Most people believe that conflict is something negative. In many cases conflict can be. Whether1 a small dispute between two neighbors or a global conflict that leads to war, conflict is inevitable. Disagreement is a part of human nature. We are a society of individuals working together to achieve common goals. How we handle conflict determines whether the outcome is a negative or a positive one. If properly handled, conflict may lead to growth, maturity, and understanding of one another. If not, conflict at school could lead to broken ties, at home to hurt feelings, and in the workplace to discouragement. These negative outcomes may be avoided when conflict is handled properly. There is no single technique that works best for settling conflicts. What works in a school setting might not work at an office or at home. Regardless where or with whom the conflict is with, a person must examine themselves, his or her intentions and more importantly, core values.
Respect, integrity, commitment and individual accountability are basic core values people expect from one another. Without respect, conflict can lead to anger, hate, and maybe even violence. Respect is the most important thing that people can show towards each other. In conflict, a sign of respect can show that you are willing to work with the other person to help resolve the problem regardless of any personal differences. Integrity goes hand-in-hand with respect. An individual's honesty is very important when negotiating with others. Earning back the trust of others may prove to be a difficult and frustrating task. Nobody wants to deal with a liar or an individual that is easily corrupted by outside influences. Commitment is the one core value that will help all parties (involved in conflict) reach a solution in a timely manner. When someone shows commitment by putting forth time and effort, that person can then be counted on to reach goals set by themselves or others. Being responsible for your actions is arguably the most difficult core value to maintain. Admitting mistakes and willing to take responsibility is something a great deal of people have trouble with. People fear the consequences that go along with making mistakes. In most cases, the consequences for lying (or not saying anything) about personal mistakes are far worse than admitting to them when they happen. There is no guarantee that both conflicting parties are aware of or even practice these core values. These values may sometimes be lost or forgotten in conflict resolution. These values may not even be necessary if the proper techniques are exercised in conflict resolution. Conflicting parties may even come to an agreement through good communication, cooperation or compromise.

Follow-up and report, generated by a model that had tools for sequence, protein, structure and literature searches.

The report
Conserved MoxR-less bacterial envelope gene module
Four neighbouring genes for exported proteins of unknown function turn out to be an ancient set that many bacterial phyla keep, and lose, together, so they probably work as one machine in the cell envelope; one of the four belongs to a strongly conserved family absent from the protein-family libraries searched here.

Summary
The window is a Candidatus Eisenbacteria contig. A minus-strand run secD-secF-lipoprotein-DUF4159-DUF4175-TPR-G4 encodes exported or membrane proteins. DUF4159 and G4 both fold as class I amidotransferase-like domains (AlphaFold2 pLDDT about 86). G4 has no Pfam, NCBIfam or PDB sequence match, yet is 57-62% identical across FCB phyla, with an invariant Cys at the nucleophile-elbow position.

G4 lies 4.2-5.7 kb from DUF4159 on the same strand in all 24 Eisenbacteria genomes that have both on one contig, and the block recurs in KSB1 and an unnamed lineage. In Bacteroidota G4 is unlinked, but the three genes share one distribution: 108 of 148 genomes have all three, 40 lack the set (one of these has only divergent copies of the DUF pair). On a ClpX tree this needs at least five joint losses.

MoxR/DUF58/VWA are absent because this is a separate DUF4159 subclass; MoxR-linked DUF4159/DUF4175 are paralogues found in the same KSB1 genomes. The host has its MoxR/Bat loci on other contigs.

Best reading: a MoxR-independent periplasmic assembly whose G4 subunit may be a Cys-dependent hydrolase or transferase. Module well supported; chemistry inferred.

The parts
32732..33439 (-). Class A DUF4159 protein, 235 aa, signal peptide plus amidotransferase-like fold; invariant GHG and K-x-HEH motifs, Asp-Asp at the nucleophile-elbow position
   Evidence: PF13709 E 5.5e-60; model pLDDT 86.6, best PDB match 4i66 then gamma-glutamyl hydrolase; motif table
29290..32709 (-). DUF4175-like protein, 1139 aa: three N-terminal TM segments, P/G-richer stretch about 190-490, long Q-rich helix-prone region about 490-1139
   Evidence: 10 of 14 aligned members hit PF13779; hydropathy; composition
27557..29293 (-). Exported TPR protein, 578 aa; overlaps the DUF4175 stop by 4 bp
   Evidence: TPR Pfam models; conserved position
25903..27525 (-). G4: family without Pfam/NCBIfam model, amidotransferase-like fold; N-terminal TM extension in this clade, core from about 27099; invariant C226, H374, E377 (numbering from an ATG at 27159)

"Although home, schools, and the workplace can be very supportive environments they are also places where difference of opinion, misunderstanding and outright competition occurs on a regular basis" (Pratt, 1997). Communication is the ability to convey knowledge or information. Communication is the foundation to a peaceful resolution. Without communication, conflicting parties have no idea what the others' intentions are, possibly leading to misunderstanding or distrust. How people communicate is just as important. Being mindful of others' beliefs or customs can help to ease the resolution process. Once both sides have established proper communication, they will have to cooperate with each other and work towards a solution or compromise.
Compromising is a technique where both sides come to a mutual agreement. Sometimes, a compromise might be best for both sides. An agreement might be met when all other techniques fail or both parties simply wish to avoid the conflict escalating. A compromise might even favor both parties if they are willing to "give and take" fairly. While there is no clear winner, negotiating parties can end conflict peacefully using this technique through patience and...
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